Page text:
A Plea for Courage and Commitment

Published: October 2, 2020

By Jim Lichtman
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Photo: Diaa Bekheat

Sadly, every day brings a new low from the man who sits in the White House. Sadder still are republican Senators who lack the courage to publicly hold him accountable.

After Trump’s mockery of a debate – his lies, his indecency in attacking his opponent’s dead son and allegedly World War II soldiers buried in France – he consistently demonstrates contempt for the country he purports to make great.

While there is blame enough to go around, at this moment it is Senate Republicans who have aided, abetted, and kowtowed to a president who remains an example of our worst inclinations.

However, three years ago, one among them stood to deliver a speech after which he received a standing ovation. And yet, no matter how heartfelt, decent, and inspiring those words were, the bipartisan spirit that filled that Senate chamber is gone. There’s nothing to applaud today. It’s as if the speech had never been spoken.

If any Republican believes in the moral purpose of the Senate seat they occupy, they should revisit that speech and ask themselves one question:

“Am I living up to the stature and the commitment of John McCain?”

“I have been a member of the United States Senate for thirty years. … my service here is the most important job I have had in my life. …

“I’ve known and admired men and women in the Senate who played much more than a small role in our history, true statesmen, giants of American politics. They came from both parties, and from various backgrounds. …

“Our responsibilities are important, vitally important, to the continued success of our Republic. And our arcane rules and customs are deliberately intended to require broad cooperation to function well at all. The most revered members of this institution accepted the necessity of compromise in order to make incremental progress on solving America’s problems and to defend her from her adversaries. …

“Our deliberations today – not just our debates, but the exercise of all our responsibilities… can be sincere and principled. But they are more partisan, more tribal more of the time than any other time I remember. Our deliberations can still be important and useful, but I think we’d all agree they haven’t been overburdened by greatness lately. And right now they aren’t producing much for the American people.

“Both sides have let this happen. … we’ve all conspired in our decline – either by deliberate actions or neglect. We’ve all played some role in it. Certainly, I have. …

“Our system doesn’t depend on our nobility. It accounts for our imperfections and gives an order to our individual strivings that has helped make ours the most powerful and prosperous society on earth. It is our responsibility to preserve that, even when it requires us to do something less satisfying than ‘winning.’…

“I hope we can again rely on humility, on our need to cooperate, on our dependence on each other to learn how to trust each other again and by so doing better serve the people who elected us….

“Let’s trust each other. Let’s return to regular order. …

“What have we to lose by trying to work together to find those solutions? … There’s greater satisfaction in respecting our differences, but not letting them prevent agreements that don’t require abandonment of core principles, agreements made in good faith that help improve lives and protect the American people.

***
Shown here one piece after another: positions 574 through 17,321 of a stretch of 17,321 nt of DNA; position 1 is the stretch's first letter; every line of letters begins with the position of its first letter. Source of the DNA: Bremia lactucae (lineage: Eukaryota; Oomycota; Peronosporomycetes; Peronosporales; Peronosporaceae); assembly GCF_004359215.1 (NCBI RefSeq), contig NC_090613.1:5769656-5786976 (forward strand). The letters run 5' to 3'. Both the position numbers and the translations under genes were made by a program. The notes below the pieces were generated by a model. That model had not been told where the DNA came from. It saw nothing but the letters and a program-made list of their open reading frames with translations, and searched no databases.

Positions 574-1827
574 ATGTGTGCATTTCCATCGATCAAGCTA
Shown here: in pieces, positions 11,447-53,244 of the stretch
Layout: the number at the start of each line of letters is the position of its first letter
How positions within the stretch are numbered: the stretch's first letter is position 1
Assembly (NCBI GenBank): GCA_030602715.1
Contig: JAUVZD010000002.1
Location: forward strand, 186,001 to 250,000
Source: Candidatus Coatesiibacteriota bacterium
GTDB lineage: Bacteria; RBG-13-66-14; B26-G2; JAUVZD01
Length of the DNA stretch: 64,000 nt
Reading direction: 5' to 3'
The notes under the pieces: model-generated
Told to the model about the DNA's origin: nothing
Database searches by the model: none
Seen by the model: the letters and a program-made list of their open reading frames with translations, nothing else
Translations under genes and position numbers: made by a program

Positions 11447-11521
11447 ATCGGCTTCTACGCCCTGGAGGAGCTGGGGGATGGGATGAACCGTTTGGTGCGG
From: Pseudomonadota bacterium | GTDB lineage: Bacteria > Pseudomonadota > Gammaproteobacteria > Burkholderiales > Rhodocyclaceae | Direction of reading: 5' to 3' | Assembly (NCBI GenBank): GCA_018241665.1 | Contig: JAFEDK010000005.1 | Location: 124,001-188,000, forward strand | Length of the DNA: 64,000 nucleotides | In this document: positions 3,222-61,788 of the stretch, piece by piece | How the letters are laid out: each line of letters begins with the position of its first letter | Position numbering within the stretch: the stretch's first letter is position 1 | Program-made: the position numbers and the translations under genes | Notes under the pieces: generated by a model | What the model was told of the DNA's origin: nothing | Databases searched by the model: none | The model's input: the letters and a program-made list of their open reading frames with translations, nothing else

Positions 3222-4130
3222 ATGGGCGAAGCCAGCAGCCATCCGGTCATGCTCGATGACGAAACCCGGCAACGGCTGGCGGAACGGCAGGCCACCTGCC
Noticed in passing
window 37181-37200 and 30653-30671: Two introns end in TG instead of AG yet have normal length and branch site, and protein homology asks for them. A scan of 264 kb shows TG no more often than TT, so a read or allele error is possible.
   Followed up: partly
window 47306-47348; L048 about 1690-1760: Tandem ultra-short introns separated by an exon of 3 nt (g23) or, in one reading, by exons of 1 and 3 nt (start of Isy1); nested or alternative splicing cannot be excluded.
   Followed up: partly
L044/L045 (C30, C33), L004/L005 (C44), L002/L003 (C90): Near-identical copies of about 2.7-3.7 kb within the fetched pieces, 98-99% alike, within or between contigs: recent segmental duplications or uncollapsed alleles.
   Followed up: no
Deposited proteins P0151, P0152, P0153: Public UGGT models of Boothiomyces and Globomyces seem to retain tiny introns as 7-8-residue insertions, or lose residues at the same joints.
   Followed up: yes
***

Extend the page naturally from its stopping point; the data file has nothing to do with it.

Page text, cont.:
“The Senate is capable of that. We know that. We’ve seen it before. I’ve seen it happen many times. …

“This place is important. The work we do is important. Our strange rules and seemingly eccentric practices that slow our proceedings and insist on our cooperation are important. Our founders envisioned the Senate as the more deliberative, careful body that operates at a greater distance than the other body from the public passions of the hour.

“We are an important check on the powers of the Executive. Our consent is necessary for the President to appoint jurists and powerful government officials and in many respects to conduct foreign policy. Whether or not we are of the same party, we are not the President’s subordinates. We are his equal!

“The success of the Senate is important to the continued success of America. …That responsibility is more important than any of our personal interests or political affiliations.

“We are the servants of a great nation, ‘a nation conceived in liberty and dedicated to the proposition that all men are created equal.’ More people have lived free and prosperous lives here than in any other nation. We have acquired unprecedented wealth and power because of our governing principles, and because our government defended those principles.

“America has made a greater contribution than any other nation to an international order that has liberated more people from tyranny and poverty than ever before in history. We have been the greatest example, the greatest supporter and the greatest defender of that order. We aren’t afraid. “We don’t covet other people’s land and wealth. We don’t hide behind walls. We breach them. We are a blessing to humanity.

“What greater cause could we hope to serve than helping keep America the strong, aspiring, inspirational beacon of liberty and defender of the dignity of all human beings and their right to freedom and equal justice? That is the cause that binds us and is so much more powerful and worthy than the small differences that divide us….”


  1. Yes, so sad from our commander — but senators and so many others excusing and following along?

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